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Wednesday, March 5, 2008 09:50 am

Where there’s a Mill, there’s a way

Plans to turn landmark restaurant into a museum move forward

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Plans to beautify the building’s exterior by mid-2007 proved too optimistic.
PHOTO BY LINDA HUGHES

Turning a dilapidated old restaurant into a historical museum takes a lot of time and work — especially when you start out with no money. “It’s definitely the most difficult task I’ve undertaken,” says Geoff Ladd, chairman of the Route 66 Heritage Foundation of Logan County, established originally to save the Mill and now dedicated to promoting the Mother Road in the county.
When the project is completed next year — the 80th anniversary of the restaurant’s opening — it will be the result of donations and the labor of volunteers. The new museum will house memorabilia from businesses along Route 66, including those salvaged from the Pig Hip Restaurant and Museum in Broadwell, destroyed by fire in March 2007. “That loss makes [the Mill] all that more important,” Ladd remarks. Pig Hip owner Ernie Edwards is a promoter in the Mill project. Very little was salvaged in the fire, Edwards says — three original tables and some cups, pictures, and trinkets that, he hopes, will go into the new museum — but his restaurant/museum is still getting attention: A woman from Poland is among those writing about it, Edwards says. The Mill building, slated for demolition after being abandoned for 11 years, was finally turned over to the city of Lincoln and the foundation in December 2006. “The owner was going to tear it down. The city was fining him $100 a day,” says Ladd, also executive director of the Abraham Lincoln Tourism Bureau of Logan County. The building was “well gutted out.” Saving it, Ladd says, was “a miracle. It took a lot of time to get everything in place.”
The first efforts to save the Mill generated a hubbub in the community, Ladd says, because people hadn’t connected it with Route 66. The foundation’s original plan was to beautify the outside for a photo op in June 2007. “We had to change our game plan,” Ladd says. Roof damage required immediate structural work. Two less significant sections in the back had deteriorated so badly that they had to be demolished. The original front section was built in 1929; after World War II an Army barracks from Camp Ellis near Havana was moved to the back. That barracks adds to the historical significance of the building, and artifacts from Camp Ellis will be exhibited in the museum. The restaurant/bar, originally named the Blue Mill, was made distinctive by blue trim on the exterior. It was famous for its schnitzel sandwich, now served at Hallie’s Lunch Box on the Lincoln Square, which is owned by Brian Huffman, son of a former owner and a promoter of the reconstruction.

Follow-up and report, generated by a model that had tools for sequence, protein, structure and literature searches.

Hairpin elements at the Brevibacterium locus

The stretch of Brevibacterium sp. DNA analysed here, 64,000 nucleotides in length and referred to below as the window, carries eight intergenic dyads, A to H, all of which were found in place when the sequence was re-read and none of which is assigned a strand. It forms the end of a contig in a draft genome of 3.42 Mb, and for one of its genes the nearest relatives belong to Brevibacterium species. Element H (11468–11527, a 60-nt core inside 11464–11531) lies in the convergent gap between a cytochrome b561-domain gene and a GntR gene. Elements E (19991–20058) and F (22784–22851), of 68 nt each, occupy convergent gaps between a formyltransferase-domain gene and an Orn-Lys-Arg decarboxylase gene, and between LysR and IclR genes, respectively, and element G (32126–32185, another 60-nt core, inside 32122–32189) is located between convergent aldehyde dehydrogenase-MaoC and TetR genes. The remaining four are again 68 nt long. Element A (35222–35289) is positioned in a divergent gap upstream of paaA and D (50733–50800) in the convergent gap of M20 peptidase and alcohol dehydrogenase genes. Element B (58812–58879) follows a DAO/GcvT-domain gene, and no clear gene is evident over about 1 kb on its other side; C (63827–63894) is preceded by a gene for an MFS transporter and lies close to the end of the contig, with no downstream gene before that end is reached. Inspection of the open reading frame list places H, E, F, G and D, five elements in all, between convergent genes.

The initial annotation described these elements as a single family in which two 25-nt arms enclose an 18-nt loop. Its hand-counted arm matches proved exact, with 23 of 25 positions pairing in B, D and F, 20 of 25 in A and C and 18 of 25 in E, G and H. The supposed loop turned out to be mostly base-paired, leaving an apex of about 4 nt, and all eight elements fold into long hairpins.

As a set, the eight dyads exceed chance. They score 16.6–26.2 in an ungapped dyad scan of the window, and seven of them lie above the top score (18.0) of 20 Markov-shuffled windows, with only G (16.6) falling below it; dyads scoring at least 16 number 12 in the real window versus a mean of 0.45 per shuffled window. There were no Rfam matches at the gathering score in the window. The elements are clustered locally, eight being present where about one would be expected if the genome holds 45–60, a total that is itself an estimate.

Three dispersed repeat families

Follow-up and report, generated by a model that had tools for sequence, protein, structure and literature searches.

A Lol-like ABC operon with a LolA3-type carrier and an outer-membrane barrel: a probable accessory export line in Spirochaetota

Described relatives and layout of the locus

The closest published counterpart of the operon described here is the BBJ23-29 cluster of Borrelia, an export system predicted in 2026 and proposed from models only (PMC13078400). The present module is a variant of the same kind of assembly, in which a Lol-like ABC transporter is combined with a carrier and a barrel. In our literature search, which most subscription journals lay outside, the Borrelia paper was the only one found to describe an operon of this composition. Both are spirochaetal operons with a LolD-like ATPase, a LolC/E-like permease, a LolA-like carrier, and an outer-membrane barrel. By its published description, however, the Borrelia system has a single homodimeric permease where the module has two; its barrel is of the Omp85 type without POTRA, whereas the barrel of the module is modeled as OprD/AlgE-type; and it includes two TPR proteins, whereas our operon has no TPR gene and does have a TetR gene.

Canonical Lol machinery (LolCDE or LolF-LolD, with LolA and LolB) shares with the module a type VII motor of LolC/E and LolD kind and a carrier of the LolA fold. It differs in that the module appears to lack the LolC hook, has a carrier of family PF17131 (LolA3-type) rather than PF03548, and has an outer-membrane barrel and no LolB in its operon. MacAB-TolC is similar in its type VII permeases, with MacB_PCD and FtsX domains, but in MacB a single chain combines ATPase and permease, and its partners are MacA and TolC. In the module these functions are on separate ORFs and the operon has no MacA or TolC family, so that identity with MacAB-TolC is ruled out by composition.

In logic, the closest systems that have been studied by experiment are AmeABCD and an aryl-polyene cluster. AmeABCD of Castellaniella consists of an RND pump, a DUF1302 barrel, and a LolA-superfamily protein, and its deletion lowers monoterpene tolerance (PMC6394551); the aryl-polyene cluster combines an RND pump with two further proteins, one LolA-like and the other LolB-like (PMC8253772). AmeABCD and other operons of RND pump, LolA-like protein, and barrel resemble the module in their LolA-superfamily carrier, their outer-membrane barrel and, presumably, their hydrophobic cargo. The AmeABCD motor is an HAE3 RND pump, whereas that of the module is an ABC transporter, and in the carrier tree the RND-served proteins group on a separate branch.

The total cost of reconstruction is estimated at $100,000; Edwards says that the foundation has probably spent $25,000 to $30,000 so far. A bank loan helped get the project started, and various organizations, governmental bodies, and individuals have contributed. Bob Waldmire of Springfield’s historic Cozy Dog Drive In sketched the building, and his work is now imprinted on souvenirs. Various fundraisers, including the countywide garage sale, June 13 and 14, are planned. “In the absence of money, I feel good about how we are using community groups,” Ladd says. “It instills a sense of community.” The foundation also encourages people to donate or lend artifacts. Their efforts were given a boost when the federal government designated Route 66 an endangered attraction, and Ladd says the Mill’s restoration has become something of a poster child for the salvage of historic buildings.  
Linda Hughes of Springfield is a regular contributor.
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